Mental illness is never an easy process to go through, for the patient, for those that take care of them as well as their friends and family. Treatment always differs but the pain for all involved is still present. In the first film from Stella Hopkins, which she also wrote alongside co-writer Audrey Arkins, Elyse shares the story of a woman dealing with severe depression with signs of bipolar and multiple personality disorder. Hopkins takes a different approach in how we watch events in Elyse’s life unfold: because of her ailments there is no definitive answer if what we see is an altered version but I felt as the viewer our perspective at first was as a medical examiner that slowly transitioned into the patient’s.
Hopkins’ storytelling in itself is scattered which at times presents a difficulty in trying to sync the film’s events together. One constant though is Lisa Pepper as Elyse, whom from start to finish puts everything into the pain and suffering this woman is experiencing. From bursts of jealous outrage, intoxicated ramblings teetering on lunacy and outright screams of pain residing deep from within the amount of energy put into this role is commendable. This is an even bigger compliment when acting alongside Anthony Hopkins (Silence of the Lambs) whom plays Elyse’s doctor. Hopkins’ role is played more straightforward opposed to doctors in films such as Awakenings or Patch Adams, his approaches although methodical simply rely on improving the patient with no attachment involved.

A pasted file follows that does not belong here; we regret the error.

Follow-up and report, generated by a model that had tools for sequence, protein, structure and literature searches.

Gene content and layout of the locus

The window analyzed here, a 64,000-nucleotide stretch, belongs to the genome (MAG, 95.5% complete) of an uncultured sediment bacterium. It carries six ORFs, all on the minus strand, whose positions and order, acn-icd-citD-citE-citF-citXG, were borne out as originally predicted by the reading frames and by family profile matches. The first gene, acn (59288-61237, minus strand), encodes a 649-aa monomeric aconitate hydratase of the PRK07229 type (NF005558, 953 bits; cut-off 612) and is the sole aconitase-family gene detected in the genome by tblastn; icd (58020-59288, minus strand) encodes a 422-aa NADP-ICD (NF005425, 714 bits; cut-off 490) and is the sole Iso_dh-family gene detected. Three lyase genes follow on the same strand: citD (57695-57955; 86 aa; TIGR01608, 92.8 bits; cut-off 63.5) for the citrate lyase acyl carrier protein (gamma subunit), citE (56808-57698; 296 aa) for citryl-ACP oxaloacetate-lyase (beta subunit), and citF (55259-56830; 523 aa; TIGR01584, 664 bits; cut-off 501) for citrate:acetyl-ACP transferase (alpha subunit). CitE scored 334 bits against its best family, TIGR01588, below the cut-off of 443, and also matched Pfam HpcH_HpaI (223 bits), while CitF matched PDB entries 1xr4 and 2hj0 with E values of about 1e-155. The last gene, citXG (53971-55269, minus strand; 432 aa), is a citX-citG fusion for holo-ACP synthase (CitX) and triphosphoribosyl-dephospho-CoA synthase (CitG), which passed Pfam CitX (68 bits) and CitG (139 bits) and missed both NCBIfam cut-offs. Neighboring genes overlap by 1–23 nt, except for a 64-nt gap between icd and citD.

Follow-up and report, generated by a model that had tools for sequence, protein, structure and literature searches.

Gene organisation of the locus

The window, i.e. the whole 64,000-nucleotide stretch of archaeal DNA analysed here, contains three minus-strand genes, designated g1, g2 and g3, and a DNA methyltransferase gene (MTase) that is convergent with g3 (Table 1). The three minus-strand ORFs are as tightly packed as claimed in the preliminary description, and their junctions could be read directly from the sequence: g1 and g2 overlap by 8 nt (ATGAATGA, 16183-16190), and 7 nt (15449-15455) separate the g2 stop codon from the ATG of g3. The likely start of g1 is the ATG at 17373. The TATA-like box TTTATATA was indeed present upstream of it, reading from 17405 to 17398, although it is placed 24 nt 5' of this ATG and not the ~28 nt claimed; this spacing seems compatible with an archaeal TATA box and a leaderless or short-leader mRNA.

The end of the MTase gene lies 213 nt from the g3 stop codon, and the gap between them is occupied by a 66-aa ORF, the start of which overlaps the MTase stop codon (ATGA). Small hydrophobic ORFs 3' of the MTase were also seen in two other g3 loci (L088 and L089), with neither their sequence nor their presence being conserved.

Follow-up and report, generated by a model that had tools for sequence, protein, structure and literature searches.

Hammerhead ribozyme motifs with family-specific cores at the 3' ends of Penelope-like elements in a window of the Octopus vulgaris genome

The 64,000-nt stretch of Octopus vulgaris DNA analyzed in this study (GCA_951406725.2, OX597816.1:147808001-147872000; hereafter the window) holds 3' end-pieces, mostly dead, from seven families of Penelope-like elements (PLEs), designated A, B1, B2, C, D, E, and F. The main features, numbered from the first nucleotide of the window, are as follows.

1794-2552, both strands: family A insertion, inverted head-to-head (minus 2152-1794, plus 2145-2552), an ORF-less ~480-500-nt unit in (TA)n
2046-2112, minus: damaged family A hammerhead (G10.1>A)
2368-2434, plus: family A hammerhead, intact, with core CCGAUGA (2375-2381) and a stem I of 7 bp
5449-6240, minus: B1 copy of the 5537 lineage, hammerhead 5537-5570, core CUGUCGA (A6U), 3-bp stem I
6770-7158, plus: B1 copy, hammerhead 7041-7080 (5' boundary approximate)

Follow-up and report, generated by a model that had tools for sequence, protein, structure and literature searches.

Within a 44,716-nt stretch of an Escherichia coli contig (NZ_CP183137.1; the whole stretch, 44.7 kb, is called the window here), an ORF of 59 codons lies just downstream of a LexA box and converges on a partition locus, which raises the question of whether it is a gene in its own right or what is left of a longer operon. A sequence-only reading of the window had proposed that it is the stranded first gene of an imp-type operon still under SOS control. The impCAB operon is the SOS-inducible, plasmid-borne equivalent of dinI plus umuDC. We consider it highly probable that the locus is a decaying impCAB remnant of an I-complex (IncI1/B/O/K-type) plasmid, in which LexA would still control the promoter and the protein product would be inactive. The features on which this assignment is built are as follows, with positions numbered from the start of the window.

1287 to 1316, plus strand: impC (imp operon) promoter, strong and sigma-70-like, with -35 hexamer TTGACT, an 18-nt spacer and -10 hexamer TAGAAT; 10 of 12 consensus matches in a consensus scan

For the early part of the film there is no distinction whether the events are happening in real time or just flashbacks from Elyse’s past. The feeling though throughout those early scenes feel very formal and much like an observer on the outside opposed to just watching a movie. We go through each step from Dr. Lewis’ (Hopkins) recommendation to the treatment itself which feels very “medical” with little empathy and a stale quality to the scenes. It isn’t until the film’s revelation dos the perspective switch and we are now in Elyse’s shoes; a complete flip to the scenes prior as these are filled with emotion. Unfortunately with this complete thrust in Elyse’s condition so does the film take a giant leap; what had felt like just the beginning has now fast forward five to seven years later. All the relationships and situations have been tied up but something about it felt rushed leaving for little impact in the ending results. Hopkins does possess a talent in being able to invoke feelings through the character that resonate to the audience and I look forward to her future work.
2 out of 5
Film is available now via YouTube Movies
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